Category Archives: Instructing the Body

New Talk: “Seeing a Tree and Remembering the Forest”

It took a while to hammer this one out, but I’m excited to finally share this 26-minute talk on Bible study strategies with you.  Originally commissioned for a Bible study conference in October of 2016, this is my whimsical way of getting people up to speed on the difference between “doing our devotions” and studying a passage of Scripture.  I walk through Isaiah 61 to demonstrate different detailed and big-picture study strategies, illustrating everything with lots of gorgeous shots of TREES (mainly thanks to our local photographer extraordinaire, Missy Herr!).

If you’re a Bible teacher working with teens or others who are new to a “studied” reading of Scripture, or if you would like to brush up on your own Bible reading practices, or if you are my good friend and you want to make my day, please listen along and share this!  (The video slides just supplement the audio, but they aren’t important if you just want to listen to it.)

The page of Paige’s Quirky Symbols mentioned in this talk can be found here.

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Filed under Biblical Genres, Biblical Literacy, Body of Christ, Instructing the Body, Isaiah, Jesus, Messiah, Old Testament, Prophets, Redemptive History, Talks, Women in the Word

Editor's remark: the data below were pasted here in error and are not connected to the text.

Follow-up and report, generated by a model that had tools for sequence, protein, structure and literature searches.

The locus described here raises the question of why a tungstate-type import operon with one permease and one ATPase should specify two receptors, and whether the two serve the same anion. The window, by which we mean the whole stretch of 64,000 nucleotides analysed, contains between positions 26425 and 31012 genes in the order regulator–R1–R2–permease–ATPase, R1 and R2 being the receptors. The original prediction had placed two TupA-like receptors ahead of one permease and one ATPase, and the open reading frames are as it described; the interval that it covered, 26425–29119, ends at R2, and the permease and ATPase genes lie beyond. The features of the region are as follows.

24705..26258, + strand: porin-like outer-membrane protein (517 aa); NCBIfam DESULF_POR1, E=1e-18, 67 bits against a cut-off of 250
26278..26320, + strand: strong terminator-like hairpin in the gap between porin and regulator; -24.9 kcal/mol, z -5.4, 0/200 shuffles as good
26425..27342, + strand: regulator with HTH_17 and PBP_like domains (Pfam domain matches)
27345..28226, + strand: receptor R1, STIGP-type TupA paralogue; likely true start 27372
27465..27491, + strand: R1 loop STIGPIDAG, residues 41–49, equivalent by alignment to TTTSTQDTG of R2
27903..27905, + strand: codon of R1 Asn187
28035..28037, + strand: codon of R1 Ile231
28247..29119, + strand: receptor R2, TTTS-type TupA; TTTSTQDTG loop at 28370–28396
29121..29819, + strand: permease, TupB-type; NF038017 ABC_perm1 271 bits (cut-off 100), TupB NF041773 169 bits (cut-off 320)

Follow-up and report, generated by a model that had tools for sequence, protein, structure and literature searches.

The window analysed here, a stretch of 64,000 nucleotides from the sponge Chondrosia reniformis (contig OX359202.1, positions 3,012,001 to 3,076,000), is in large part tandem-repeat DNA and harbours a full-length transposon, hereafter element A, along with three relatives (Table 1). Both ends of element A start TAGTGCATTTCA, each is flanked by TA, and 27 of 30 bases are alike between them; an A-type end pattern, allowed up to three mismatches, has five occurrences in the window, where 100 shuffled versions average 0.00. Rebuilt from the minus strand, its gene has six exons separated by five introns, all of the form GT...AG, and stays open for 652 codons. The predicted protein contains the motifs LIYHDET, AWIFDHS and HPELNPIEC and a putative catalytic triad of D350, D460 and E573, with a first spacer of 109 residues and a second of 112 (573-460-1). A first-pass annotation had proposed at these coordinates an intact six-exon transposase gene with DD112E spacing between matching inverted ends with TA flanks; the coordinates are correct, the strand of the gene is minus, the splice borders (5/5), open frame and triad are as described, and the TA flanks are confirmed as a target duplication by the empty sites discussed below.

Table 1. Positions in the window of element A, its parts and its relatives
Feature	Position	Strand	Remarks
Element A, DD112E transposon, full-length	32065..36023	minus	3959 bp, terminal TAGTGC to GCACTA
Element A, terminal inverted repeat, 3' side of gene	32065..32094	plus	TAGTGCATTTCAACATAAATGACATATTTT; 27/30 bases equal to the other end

Race Matters, Ch. 2: Defining White Supremacy

This is the second of three Race Matters posts in which I intend to define some troublesome terms often involved in the contemporary discussion of race in America.  The material for these posts was originally developed for a panel called “Race, the Church, and a Way Forward,” held at a Presbyterian church in January of 2017.  Although I am white, I was invited by a friend to join four Christian brothers of color to offer some introductory thoughts on this subject, because I’ve been reading pretty deeply in the history of African Americans and listening carefully to my neighbors of color in the present.  (I don’t claim to be an expert, but now I know the basics.)

I’ve included these thoughts about race and history here in my Bible Journal because of my conviction that we believers are called to love our neighbors knowledgeably. It’s my hope that defining these terms will increase our understanding, and improve that neighborly love.